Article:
Our article on the cheapest way to get a new smartphone lists several options for grabbing a bargain.

Clothes

How much you spend on your work clothes depends on what you do. If you’re being asked to wear a uniform, most companies will provide this for free or at a discounted rate. Office workers may be required to dress smartly and this will involve spending more as the clothes are probably not the kind of thing you’d wear at the weekend.

Therefore, look out for discounts and money-off sales where you don’t have to buy things full price. Using the internet and sites like eBay and Gumtree, is a good way to pick up discounted clothes along with raiding your local charity shop.

If you’re feeling really thrifty you could even try making your own clothes and our article explains how to start.

Spending money on colleagues and clients

At times it’s impossible to get out of this one, but it is possible to do without looking like the office scrooge. At Christmas for example, a Secret Santa is a good way to cut the amount you’re spending along with a blanket ban on giving out birthday presents.

Computer costs

Buying your own computer is always going to be costly, but the brand and make you buy will affect how much you spend. The choices are endless from Apple to Dell and a PC to a tablet so it’s important to shop around before you buy something.

If your computer is for work, it’s worth asking your employer if it will contribute to the costs. Second-hand goods are also an option, but make sure you receive all the original paperwork with any item you buy.

You could also buy a refurbished model. These could be ex-display models or those with aesthetic faults and most retailers offer them at a greatly reduced price.

Stationery

Pens, paper, notebooks and paperclips should be available through your employer for free if you’re using them for work purposes. If not, make sure you keep an eye out for discounts and if you use a lot explore the option of bulk buying. The internet is full of bulk-buy shops where you can order a job lot of pens, for example, at a discounted price.

Encouraging sending emails, rather than letters, and avoiding printing where possible will also save on printing and ink costs.

How you can save even more money

Cashback websites are a great way to save money on just about anything. Type in the product you’re after in the search box on websites such as Quidco or Top Cashback and a list will appear with possible discounts.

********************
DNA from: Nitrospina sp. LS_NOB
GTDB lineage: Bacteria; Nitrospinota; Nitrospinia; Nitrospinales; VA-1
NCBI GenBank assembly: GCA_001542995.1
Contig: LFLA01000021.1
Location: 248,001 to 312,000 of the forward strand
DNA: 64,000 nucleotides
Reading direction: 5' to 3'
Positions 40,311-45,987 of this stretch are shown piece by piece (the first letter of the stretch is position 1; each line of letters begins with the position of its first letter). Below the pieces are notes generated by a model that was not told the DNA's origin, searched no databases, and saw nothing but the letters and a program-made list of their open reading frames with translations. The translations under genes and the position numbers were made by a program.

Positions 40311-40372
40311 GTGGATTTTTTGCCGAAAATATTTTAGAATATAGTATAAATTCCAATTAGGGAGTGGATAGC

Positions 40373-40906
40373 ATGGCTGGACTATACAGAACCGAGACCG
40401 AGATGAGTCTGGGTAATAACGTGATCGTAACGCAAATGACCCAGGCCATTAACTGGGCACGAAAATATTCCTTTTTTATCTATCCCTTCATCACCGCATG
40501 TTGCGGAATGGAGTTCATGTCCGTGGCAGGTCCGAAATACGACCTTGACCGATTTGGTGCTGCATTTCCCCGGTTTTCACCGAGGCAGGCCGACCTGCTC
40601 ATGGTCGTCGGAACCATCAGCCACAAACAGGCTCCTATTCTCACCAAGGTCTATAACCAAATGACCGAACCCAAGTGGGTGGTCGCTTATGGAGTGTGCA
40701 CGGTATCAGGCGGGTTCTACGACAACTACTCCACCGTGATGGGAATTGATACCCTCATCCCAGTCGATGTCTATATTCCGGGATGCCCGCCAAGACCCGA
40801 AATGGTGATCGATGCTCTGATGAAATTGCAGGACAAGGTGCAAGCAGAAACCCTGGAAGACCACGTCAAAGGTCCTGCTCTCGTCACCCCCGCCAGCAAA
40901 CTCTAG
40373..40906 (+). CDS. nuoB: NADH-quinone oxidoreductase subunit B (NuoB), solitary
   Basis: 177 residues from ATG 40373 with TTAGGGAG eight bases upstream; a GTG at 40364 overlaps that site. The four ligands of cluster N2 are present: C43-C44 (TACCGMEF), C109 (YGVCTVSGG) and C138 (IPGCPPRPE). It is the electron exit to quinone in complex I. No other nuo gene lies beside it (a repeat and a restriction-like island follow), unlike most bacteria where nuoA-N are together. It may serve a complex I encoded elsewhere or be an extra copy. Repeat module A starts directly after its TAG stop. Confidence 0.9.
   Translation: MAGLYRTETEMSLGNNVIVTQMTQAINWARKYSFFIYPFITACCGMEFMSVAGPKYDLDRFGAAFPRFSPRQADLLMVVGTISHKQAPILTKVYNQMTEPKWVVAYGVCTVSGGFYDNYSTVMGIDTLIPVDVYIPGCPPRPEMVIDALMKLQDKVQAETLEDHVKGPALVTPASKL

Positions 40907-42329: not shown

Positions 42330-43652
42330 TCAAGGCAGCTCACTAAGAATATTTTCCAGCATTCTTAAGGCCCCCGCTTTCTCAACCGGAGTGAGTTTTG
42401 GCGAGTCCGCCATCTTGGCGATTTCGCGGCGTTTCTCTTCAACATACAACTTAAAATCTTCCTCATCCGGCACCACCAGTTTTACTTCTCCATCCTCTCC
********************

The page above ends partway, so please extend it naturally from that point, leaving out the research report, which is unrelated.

On the subject of cashback, credit cards are also a way to earn, such as the Barclaycard Cashback card which pays 6% cashback in the first six months (capped at £120). For a full guide, check out The best cashback credit cards

More on saving money:

How much money will I save by quitting smoking?

How to get a bargain hotel room

The frugal guide to gyms

How wombling can save you money at the supermarket

How to make your money last the whole of January

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Comments (2)

  • Mike10613
    Love rating 626
    Mike10613 said

    "A regular trip to Pret could cost £5 a day, which easily adds up to more than £100 in a month." What's a Pret? I live in the West Midlands... Some kind of posh sandwich? I don't know how Londoners get any work done with prets, Starbuck lattes, after work happy hours in the wine bars and all those hours on the smart phone. But at least they never get their hands dirty...

    Report on 08 January 2013  |  Love thisLove  0 loves
  • John Fitzsimons
    Love rating 43
    John Fitzsimons said

    Hi Mike

    Just did a little search on the Pret website, there are three Prets in Birmingham city centre, plus one in Birmingham airport, and even one in Solihull.

    The humble Midlands, embracing such middle-class foppery as a sandwich chain!

    Whatever next?

    John

    Editor

    Report on 08 January 2013  |  Love thisLove  1 love